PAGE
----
The home block, between Patearoa and the Styx Valley, has 800ha of flat land with the balance gentle rolling, ranging from 400m to 700m above sea level.

Like his father, Chappie Hore also went to war, serving in the infantry in the Pacific during WW2, after which he returned home to the farm and married in 1948.

Rabbits remained a problem and Mr Hore recalled his father lambing ewes on the run block because the pest animals had eaten all the vegetation on the home block.

His father's legacy to Stonehenge was further development, including more fencing .

Sheep numbers reached 4500 by 1960, the high quality plant lucerne was introduced - it thrived in the dry climate - and, in 1969, merino sheep, for which the property would gain an enviable reputation, were introduced.

He also introduced fertiliser and the aerial spread of seed to improve pasture quality.

Mr Hore said the shift from halfbreds to merinos came from a love of wool and an acknowledgement the clean, fertile country and dry environment suited the fine wool breed.

Jim Hore took over Stonehenge in the mid-1970s, and at about the same time he and Sue were married.

On the day of their wedding the Government agreed to allow the family to freehold what had been a leasehold property.

Jim Hore continued to develop the property by fencing the flats and paddocks, but there would be two significant milestones - the fattening of lambs made possible because of lucerne and in 1985 the arrival of water for irrigation from the Maniototo Irrigation Scheme which allowed them to introduce cattle.

Today, 250ha is irrigated which guarantees all lambs and cattle can be sold prime instead of in a store state - sold to someone else to fatten.

Mr Hore recalled his father each year driving 500 cull ewes and 1500 store lambs to the Waipiata sale yards which existed because of its proximity to the railway line.

When water came, major management changes were made at Stonehenge.

These changes included the introduction of cattle to control and improve the quality of the pasture the water created.

Today, Stonehenge runs 9000 merino ewes, 700 Romney ewes, 5000 hoggets, 1800 merino wethers, 380 cows and their calves, which are sold as 2-year-olds.

All stock are sold in prime condition and in addition the Hores sell 450 merino and Romney-merino cross halfbred rams to farmers to use over their flocks.

Another change has been the contract sale of virtually all 90,000kg of merino wool to the clothing manufacturer Icebreaker.

Traditionally, wool was sold at auction but Mr Hore said fluctuating prices encouraged him to seek the greater certainty of supplying wool under contract.

His contract price is currently $2 ahead of the auction price.

One thing that has not changed is the use of horses and musterers camping out in huts for the autumn and weaning musters.

While Mr Hore loves the tradition and the peace and quiet of riding horses, there was a practical side.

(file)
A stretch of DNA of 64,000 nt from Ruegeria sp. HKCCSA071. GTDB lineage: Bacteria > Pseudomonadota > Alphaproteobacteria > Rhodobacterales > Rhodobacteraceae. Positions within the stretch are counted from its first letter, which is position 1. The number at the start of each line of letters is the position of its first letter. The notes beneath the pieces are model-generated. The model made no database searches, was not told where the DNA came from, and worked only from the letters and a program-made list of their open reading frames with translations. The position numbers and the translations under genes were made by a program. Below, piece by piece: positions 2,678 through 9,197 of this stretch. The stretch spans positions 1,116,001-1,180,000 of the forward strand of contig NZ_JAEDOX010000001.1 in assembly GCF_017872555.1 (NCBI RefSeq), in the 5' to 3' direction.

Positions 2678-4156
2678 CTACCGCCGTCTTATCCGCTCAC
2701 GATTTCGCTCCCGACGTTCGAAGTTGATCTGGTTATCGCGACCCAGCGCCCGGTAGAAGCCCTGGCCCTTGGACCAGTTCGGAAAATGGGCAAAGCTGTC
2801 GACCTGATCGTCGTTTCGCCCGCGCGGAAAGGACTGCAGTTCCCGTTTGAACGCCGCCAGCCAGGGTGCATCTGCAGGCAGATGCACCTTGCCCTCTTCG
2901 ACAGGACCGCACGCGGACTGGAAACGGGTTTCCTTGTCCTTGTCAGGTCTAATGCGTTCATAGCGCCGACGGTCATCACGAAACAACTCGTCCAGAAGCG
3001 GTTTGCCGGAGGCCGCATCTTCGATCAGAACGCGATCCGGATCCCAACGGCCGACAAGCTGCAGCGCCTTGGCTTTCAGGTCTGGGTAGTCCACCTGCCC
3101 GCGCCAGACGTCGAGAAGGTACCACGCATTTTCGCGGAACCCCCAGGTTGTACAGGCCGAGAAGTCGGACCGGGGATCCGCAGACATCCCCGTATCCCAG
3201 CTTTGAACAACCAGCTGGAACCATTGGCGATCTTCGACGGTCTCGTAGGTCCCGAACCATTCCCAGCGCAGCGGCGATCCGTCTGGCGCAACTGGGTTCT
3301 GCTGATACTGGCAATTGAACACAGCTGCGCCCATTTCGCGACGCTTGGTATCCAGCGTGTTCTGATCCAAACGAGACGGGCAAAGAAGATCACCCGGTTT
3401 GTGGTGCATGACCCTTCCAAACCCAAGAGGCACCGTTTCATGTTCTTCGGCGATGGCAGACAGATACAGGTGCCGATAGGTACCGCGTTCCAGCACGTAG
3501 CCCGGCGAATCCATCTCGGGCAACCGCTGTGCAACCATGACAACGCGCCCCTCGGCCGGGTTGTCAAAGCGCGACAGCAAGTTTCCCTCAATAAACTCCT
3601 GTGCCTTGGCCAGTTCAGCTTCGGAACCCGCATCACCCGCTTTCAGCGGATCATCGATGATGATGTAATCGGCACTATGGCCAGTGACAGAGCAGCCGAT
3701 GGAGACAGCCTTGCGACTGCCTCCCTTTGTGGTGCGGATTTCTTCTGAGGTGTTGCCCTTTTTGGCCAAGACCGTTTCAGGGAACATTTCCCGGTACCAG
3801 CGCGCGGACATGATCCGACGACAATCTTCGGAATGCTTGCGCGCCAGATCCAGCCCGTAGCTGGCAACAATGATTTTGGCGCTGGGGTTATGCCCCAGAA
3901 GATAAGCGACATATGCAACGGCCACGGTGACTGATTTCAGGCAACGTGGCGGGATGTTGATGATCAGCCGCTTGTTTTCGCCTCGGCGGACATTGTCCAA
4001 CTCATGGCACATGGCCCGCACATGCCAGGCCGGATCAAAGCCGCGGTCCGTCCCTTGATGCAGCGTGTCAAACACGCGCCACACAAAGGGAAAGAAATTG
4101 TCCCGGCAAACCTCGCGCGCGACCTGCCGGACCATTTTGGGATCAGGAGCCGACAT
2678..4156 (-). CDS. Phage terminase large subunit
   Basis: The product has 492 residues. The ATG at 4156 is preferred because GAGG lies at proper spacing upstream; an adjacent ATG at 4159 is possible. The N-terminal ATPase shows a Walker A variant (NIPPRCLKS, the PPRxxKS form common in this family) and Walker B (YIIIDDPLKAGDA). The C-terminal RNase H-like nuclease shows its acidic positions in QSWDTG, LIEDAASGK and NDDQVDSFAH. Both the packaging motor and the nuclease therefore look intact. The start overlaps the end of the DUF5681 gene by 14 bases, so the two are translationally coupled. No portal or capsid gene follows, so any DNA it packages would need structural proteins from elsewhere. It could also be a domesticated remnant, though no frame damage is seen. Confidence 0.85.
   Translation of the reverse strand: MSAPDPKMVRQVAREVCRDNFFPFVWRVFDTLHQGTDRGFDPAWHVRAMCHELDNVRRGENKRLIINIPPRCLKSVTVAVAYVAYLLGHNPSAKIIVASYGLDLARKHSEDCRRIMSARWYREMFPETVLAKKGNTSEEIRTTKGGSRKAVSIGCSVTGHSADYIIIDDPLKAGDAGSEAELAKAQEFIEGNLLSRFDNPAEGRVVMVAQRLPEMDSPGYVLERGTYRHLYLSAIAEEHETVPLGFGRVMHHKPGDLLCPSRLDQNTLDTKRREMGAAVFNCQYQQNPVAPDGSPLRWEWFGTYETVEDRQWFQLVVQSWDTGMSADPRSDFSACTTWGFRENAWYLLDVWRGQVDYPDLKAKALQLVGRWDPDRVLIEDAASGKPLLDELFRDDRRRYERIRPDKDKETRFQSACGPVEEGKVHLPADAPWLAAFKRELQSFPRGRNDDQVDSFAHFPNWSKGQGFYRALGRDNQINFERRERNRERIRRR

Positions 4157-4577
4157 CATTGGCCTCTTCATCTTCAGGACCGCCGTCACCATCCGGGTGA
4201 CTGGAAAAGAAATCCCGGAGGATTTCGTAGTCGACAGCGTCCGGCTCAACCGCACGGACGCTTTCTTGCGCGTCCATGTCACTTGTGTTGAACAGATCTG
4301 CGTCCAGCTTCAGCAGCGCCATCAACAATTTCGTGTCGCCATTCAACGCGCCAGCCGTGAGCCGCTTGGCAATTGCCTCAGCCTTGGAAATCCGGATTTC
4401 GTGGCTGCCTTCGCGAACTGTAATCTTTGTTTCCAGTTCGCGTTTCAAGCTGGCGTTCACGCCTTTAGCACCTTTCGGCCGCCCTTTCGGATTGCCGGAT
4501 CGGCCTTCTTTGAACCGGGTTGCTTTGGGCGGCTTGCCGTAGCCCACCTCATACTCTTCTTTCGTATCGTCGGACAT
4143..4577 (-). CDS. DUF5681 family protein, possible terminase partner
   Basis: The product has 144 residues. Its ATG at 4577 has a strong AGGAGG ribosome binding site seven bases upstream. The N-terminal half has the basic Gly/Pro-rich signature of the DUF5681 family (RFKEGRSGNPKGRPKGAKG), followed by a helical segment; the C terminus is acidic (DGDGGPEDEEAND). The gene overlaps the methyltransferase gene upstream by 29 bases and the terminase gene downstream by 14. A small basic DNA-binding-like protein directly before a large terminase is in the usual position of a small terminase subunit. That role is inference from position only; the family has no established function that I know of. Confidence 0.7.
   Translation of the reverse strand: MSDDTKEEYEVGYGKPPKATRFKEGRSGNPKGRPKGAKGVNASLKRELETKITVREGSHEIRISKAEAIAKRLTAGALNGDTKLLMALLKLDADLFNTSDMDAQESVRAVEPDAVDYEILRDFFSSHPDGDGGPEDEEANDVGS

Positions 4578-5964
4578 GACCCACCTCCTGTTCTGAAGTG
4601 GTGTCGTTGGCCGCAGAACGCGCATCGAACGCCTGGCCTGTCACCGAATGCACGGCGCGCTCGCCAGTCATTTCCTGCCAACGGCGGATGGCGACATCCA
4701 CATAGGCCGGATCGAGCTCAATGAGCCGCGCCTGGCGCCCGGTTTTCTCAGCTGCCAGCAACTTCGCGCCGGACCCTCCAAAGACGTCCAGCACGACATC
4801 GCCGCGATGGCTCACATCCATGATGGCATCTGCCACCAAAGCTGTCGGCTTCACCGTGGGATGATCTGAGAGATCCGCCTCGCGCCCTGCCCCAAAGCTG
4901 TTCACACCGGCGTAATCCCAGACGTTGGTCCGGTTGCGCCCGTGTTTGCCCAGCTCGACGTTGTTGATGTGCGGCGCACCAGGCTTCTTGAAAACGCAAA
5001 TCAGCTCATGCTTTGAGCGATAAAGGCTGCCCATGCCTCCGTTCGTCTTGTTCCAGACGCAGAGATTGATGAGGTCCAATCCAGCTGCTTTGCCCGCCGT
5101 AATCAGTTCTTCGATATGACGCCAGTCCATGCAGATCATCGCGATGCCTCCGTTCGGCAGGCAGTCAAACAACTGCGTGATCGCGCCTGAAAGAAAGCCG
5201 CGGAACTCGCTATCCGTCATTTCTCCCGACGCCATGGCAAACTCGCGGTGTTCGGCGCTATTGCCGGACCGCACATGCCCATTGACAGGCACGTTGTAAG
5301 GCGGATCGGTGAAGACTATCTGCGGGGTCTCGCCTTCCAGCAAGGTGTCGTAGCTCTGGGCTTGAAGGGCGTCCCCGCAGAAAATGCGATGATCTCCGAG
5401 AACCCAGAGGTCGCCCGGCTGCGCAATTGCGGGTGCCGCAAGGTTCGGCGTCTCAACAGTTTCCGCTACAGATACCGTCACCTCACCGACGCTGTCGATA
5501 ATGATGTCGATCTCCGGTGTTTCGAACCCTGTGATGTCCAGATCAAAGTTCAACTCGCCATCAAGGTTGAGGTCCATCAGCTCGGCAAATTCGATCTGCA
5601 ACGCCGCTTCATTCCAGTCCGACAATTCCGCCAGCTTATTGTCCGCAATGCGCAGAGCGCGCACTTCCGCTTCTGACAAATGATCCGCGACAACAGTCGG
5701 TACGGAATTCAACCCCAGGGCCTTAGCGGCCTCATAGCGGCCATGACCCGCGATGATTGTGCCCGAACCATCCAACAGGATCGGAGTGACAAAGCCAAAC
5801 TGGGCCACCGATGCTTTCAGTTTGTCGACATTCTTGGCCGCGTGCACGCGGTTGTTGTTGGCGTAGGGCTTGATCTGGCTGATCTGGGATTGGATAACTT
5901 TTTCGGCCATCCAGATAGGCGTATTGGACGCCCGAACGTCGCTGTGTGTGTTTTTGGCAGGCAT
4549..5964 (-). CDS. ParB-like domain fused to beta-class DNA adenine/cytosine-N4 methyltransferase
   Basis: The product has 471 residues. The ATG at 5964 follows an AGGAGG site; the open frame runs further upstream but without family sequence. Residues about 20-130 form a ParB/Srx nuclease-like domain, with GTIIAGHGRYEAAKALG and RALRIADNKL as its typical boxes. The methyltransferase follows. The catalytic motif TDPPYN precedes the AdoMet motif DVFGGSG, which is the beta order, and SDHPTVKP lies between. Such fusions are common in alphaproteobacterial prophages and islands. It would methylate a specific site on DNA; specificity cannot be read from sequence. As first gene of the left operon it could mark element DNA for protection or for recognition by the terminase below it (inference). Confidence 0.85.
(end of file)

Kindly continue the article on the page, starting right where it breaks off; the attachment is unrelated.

"It is easy to work stock, you can control your dogs, you can see more [from a horse] and I don't like walking through wet tussock," Mr Hore said by way of explanation.

A crew of eight musterers and a cook spend three nights on the run in a hut for the musters.

They are friends and former staff who love the camaraderie, its history and the nostalgia.

Mr and Mrs Hore are now preparing to hand the business and family legacy on to the next generation, to sons Charlie and Andrew and their families who are both working on the farm, Andrew when rugby commitments allow.

Mr Hore says he never tired of his environment.

The Rock and Pillar, Kakanui, Ida and Rough Ridge mountain ranges are all visible and regularly display and change their moods and personalities.

The Maniototo community and the climate are equally strong attractions.

Mrs Hore said it was a supportive community, with the roots of many families going back several generations.

And life has become easier.

When Mrs Hore first moved to Patearoa, it was a toll call to the nearby Styx Valley and rural delivery was three days a week, the school bus bringing mail and the newspaper on the other days.

Now they get mail five days a week and if they place an order by 11am, they can get goods delivered from Dunedin to Ranfurly by 2.30pm.

"We don't know any other way of life," Mr Hore said.

You get the distinct impression they do not want to know any other way of life.

 


Merino paradise sweet, clean, fertile land

Jim Hore's father, Chappie Hore, always said if the country's merino sheep could migrate to any farm in the country, they would choose Stonehenge.

In farmer lingo, the land is sweet, clean and fertile, the environment warm and dry in summer and cold and dry in winter - the ingredients needed to produce that clean, long, brilliant-white fine-wool crimp prized by clothing and knitwear manufacturers around the world.

From the outside, the fleece of a merino is grey and looks dirty.

Open the tight and compact fleece and it is dazzling white.

Each Stonehenge merino ewe produces about 5kg of wool, wethers 5.5kg and hoggets 4kg.

The wool has a micron thickness of between 17 and 18.5.

Romney wool, which is used for carpets, is usually stronger than 30 micron.

Mr Hore breeds merino rams for sale to other studs and for use over commercial flocks, but to breed the perfect sheep requires patience, planning, an eye for detail and stockmanship - skills which usually come naturally and are hard to acquire.

Stockmanship was being able to see the potential in animals - that their off spring would be superior in quality - knowing when to shift animals and determining early on if stock were losing condition and acting quickly.